Taken together, our study provides evidence for the role of miRNA biogenesis genes and pathways in addiction- and psychiatric-related disease processes and suggests that miRNA pathways may be perturbed in human brain degenerative disorders such as HD and AD. Finally, our analysis provides additional support for an exquisite and critical role between miRNA and miRNA biogenesis and the function of the striatum. Most of our analysis is based upon correlations, which do not necessarily indicate direct causal relationships. The next step will be to establish causal links between the expression of miRNA and key biogenesis genes and these important CNS phenotypes and diseases.

Conflict of Interest Statement

The authors declare that the research was conducted in the absence of any commercial or financial relationships that could be construed as a potential conflict of interest.

Acknowledgments

This research was supported by the NIH grant (R01 EY021200), the National Natural Science Foundation of China (Grant No. 30971591), and the Priority Academic Program Development of Jiangsu Higher Education Institutions (PAPD). Support for GeneNetwork is graciously provided by the UT Center for Integrative and Translational Genomics, the Integrative Neuroscience Initiative on Alcoholism (U01 AA016662, U01 AA013499, U24 AA013513, U01 AA014425), NIDA, NIMH, and NIAAA grant P20-DA 21131, NCI MMHCC grant U01CA105417, and NCRR BIRN grants U24 RR021760.

Supplementary Material

The Supplementary Material for this article can be found online at: http://www.frontiersin.org/Statistical_Genetics_and_Methodology/10.3389/fgene.2013.00126/abstract

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Appendix

FIGURE A1
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Figure A1. Network correlations for all Dicer, Pasha, and Drosha (Dgcr8) probe sets. Correlations shown are for all probe sets with average log 2 expression greater than 7 from each brain region data set.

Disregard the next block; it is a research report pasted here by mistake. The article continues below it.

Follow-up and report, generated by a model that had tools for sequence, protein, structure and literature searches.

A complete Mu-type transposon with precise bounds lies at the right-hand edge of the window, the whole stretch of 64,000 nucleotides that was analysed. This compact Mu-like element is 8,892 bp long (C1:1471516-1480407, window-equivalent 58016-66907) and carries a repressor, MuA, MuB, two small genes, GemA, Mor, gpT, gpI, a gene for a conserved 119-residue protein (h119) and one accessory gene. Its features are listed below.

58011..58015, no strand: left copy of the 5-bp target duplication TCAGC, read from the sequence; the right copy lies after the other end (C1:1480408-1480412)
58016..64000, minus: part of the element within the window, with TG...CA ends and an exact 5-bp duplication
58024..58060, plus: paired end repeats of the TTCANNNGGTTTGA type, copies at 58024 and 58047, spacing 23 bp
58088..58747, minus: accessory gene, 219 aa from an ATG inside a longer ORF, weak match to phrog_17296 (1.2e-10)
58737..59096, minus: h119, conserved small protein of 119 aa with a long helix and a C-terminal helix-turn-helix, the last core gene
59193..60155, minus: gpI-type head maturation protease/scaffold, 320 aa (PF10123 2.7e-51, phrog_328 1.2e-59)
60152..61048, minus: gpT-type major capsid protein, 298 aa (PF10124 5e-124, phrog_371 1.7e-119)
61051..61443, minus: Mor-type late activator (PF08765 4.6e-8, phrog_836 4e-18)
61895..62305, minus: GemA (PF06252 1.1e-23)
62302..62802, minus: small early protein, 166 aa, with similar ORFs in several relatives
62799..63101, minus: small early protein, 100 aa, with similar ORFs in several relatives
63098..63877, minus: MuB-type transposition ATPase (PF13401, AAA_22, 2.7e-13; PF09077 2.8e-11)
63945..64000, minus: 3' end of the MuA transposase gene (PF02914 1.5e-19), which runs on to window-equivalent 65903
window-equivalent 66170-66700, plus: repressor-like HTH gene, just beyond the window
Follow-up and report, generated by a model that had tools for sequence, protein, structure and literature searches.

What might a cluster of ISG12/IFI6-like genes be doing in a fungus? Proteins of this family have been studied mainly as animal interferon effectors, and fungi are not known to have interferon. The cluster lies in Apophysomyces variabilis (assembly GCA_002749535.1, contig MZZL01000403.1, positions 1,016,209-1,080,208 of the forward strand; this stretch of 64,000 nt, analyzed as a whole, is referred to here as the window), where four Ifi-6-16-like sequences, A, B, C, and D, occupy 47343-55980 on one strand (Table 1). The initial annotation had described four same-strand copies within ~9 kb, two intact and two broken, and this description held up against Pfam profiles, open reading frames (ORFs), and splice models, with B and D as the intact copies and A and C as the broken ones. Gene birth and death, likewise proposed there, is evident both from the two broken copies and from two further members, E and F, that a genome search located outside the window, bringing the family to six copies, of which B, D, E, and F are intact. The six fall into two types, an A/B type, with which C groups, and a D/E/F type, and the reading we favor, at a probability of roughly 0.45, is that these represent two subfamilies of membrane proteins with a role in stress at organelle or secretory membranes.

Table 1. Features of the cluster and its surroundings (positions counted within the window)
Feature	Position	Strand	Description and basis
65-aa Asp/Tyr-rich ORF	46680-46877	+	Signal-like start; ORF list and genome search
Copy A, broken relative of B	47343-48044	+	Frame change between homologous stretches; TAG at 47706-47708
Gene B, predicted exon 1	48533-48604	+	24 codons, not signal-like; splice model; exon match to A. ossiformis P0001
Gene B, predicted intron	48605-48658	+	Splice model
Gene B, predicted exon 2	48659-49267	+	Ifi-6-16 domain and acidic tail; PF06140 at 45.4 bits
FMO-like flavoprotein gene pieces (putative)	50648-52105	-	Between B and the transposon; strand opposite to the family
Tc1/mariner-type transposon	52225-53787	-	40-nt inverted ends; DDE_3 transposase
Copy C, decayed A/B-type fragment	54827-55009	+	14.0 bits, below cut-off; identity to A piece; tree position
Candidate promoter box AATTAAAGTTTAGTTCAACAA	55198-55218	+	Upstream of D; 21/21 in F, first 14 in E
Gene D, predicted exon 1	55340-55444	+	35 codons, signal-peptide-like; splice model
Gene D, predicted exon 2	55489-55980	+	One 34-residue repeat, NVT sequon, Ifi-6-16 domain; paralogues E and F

FIGURE A2
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Figure A2. Network correlations for Dicer, Pasha, and Drosha (Dgcr8). Correlations shown are for the highest expressing probe sets from each brain region data set. The exception is the hippocampus for which the highest pairwise correlations among all probe sets were selected (1422981_at, 1460571_at, 1438440_at).

FIGURE A3
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Figure A3. Coexpression of key miRNA biogenesis genes in normal human brain data sets. Network correlations are especially strong across multiple brain expression data sets from the study by Liang and colleagues (2006, 2008). Network connections are less robust in the data sets contributed by Meyers and colleagues (Webster et al., 2009). Because of the large number of variants and differences in probe design across platforms, probe sets were chosen based on expression and overall network connectivity.

Keywords: BXD, miRNA biogenesis, addiction, drosha, dicer1, Dgcr8, disease

Citation: Mulligan MK, DuBose C, Yue J, Miles MF, Lu L and Hamre KM (2013) Expression, covariation, and genetic regulation of miRNA Biogenesis genes in brain supports their role in addiction, psychiatric disorders, and disease. Front. Genet. 4:126. doi: 10.3389/fgene.2013.00126

Received: 31 January 2013; Accepted: 14 June 2013;
Published online: 05 July 2013.

Edited by:

Kenneth S. Kompass, University of California, San Francisco, USA

Reviewed by:

Jian Li, Tulane University, USA
Minghua Deng, Peking University, China

Copyright © 2013 Mulligan, DuBose, Yue, Miles, Lu and Hamre. This is an open-access article distributed under the terms of the Creative Commons Attribution License, which permits use, distribution and reproduction in other forums, provided the original authors and source are credited and subject to any copyright notices concerning any third-party graphics etc.

*Correspondence: Kristin M. Hamre, Department of Anatomy and Neurobiology, University of Tennessee Health Science Center, 855 Monroe Ave Suite 515, Memphis, TN 38106, USA e-mail: khamre@uthsc.edu

These authors have contributed equally to this work.